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Case Number: 1:08-cv-00961
Judge: Paul L. Friedman
Court: United States District Court for the District of Columbia (Washington County)
Plaintiff's Attorney: United States Attorney’s Office
Description: Washington, DC: civil litigation lawyers represented Defendant accused of violating the False Claims Act by selling defective material for bullet proof vests used by law enforcement officers.
The United States alleged that, between 2000 and 2005, Honeywell sold its patented Z Shield material to Armor Holdings, a bullet proof vest manufacturer, despite Honeywell knowing that Z Shield degraded quickly over time in heat and humidity and was not suitable for ballistic use. Armor Holdings’ vests containing Honeywell’s Z Shield were purchased by federal agencies under a General Services Administration (GSA) contract, and by various state, local and Tribal law enforcement authorities that were partially funded by the Justice Department’s Bulletproof Vest Partnership program.
“This settlement and the Justice Department’s industry-wide investigation demonstrate the department’s resolve to hold accountable those businesses and individuals who supplied Zylon-containing bullet proof vests, even after learning that the material degraded in a way that could compromise its ability to stop a bullet,” said Principal Deputy Assistant Attorney General, Brian M. Boynton, head of the Justice Department’s Civil Division. “The safety of law enforcement officers is of paramount importance, and we are committed to ensuring that taxpayer dollars go only to the high-quality ballistic protection our first responders deserve.”
“It is completely unacceptable for a company to produce and sell faulty products that law enforcement officers rely on for their safety,” said Inspector General Carol F. Ochoa of the GSA Office of Inspector General (GSA-OIG). “I appreciate the relentless efforts GSA OIG employees and our law enforcement partners dedicated to this case.”
The settlement concludes over a decade of litigation and ends the Justice Department’s long-running investigation of the body armor industry’s sale of defective Zylon bullet proof vests to the government. The United States previously recovered over $133 million in settlements with 17 entities and individuals involved in all stages of the body armor supply chain.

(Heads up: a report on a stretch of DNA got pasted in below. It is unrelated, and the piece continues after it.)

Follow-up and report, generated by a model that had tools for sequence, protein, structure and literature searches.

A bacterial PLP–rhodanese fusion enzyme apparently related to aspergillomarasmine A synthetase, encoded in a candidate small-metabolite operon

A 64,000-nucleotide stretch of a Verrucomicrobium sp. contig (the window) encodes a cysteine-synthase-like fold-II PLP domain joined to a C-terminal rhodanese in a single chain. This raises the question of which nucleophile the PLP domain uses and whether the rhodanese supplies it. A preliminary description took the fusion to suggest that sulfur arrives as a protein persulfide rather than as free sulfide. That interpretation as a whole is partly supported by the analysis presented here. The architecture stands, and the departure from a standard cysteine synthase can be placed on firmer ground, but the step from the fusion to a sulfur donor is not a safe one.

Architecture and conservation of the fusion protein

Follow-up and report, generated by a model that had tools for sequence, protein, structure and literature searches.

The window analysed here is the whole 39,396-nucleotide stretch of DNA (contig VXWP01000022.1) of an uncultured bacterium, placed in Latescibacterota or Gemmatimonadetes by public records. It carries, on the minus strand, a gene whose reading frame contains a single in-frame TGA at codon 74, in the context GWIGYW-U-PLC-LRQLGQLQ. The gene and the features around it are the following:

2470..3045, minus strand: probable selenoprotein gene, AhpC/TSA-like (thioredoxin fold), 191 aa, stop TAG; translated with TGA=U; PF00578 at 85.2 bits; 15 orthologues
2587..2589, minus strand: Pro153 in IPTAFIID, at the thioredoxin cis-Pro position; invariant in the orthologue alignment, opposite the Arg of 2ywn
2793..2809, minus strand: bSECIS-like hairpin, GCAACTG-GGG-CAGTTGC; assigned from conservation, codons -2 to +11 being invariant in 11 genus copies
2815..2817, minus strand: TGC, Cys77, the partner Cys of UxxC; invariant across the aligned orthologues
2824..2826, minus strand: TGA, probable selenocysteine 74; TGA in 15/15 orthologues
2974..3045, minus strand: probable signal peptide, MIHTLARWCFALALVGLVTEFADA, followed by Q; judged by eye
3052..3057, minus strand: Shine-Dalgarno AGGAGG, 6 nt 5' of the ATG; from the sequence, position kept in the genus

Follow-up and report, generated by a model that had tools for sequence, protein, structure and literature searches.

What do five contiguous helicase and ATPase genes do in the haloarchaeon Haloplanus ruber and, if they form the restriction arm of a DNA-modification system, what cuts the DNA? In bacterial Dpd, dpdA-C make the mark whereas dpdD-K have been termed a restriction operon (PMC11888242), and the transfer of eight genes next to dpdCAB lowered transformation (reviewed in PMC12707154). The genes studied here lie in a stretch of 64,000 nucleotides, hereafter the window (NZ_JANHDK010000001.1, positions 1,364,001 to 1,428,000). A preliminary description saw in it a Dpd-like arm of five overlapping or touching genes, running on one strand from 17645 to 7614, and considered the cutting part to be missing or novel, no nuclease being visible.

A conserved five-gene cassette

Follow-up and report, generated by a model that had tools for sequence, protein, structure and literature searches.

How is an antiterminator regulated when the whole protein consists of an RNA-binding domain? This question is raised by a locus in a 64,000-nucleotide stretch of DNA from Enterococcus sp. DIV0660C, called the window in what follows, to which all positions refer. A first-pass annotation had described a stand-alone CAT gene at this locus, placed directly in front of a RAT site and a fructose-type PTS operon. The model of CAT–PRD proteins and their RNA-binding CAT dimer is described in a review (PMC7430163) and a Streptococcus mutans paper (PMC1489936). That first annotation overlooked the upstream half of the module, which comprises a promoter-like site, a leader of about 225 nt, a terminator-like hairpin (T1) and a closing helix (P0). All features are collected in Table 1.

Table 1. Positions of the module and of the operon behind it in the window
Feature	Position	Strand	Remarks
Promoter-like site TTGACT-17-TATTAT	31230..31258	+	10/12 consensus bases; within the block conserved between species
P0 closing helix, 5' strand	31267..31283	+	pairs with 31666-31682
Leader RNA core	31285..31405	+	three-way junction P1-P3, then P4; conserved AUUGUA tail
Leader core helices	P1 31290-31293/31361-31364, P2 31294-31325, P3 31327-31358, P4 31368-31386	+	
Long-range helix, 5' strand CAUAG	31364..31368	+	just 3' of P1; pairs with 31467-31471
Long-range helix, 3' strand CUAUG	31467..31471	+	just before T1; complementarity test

The resolution obtained in the Honeywell litigation was the result of efforts by the Justice Department’s Civil Division, Commercial Litigation Branch, Fraud Section, with assistance from the GSA-OIG; the Department of Commerce, Office of Inspector General; the Department of Homeland Security, Office of Inspector General; Treasury Inspector General for Tax Administration; the Department of Energy, Office of the Inspector General; the Defense Criminal Investigative Service; the U.S. Criminal Investigative Command; the Air Force Office of Special Investigations; and the Defense Contracting Audit Agency.
Fraud Section Attorneys Alicia Bentley, Jennifer Chorpening and Tom Morris handled the litigation and settlement.
31 U.S.C. 3729 provides:
(a) Liability for Certain Acts.—
(1) In general.—Subject to paragraph (2), any person who—
(A) knowingly presents, or causes to be presented, a false or fraudulent claim for payment or approval;
(B) knowingly makes, uses, or causes to be made or used, a false record or statement material to a false or fraudulent claim;
(C) conspires to commit a violation of subparagraph (A), (B), (D), (E), (F), or (G);
(D) has possession, custody, or control of property or money used, or to be used, by the Government and knowingly delivers, or causes to be delivered, less than all of that money or property;
(E) is authorized to make or deliver a document certifying receipt of property used, or to be used, by the Government and, intending to defraud the Government, makes or delivers the receipt without completely knowing that the information on the receipt is true;
(F) knowingly buys, or receives as a pledge of an obligation or debt, public property from an officer or employee of the Government, or a member of the Armed Forces, who lawfully may not sell or pledge property; or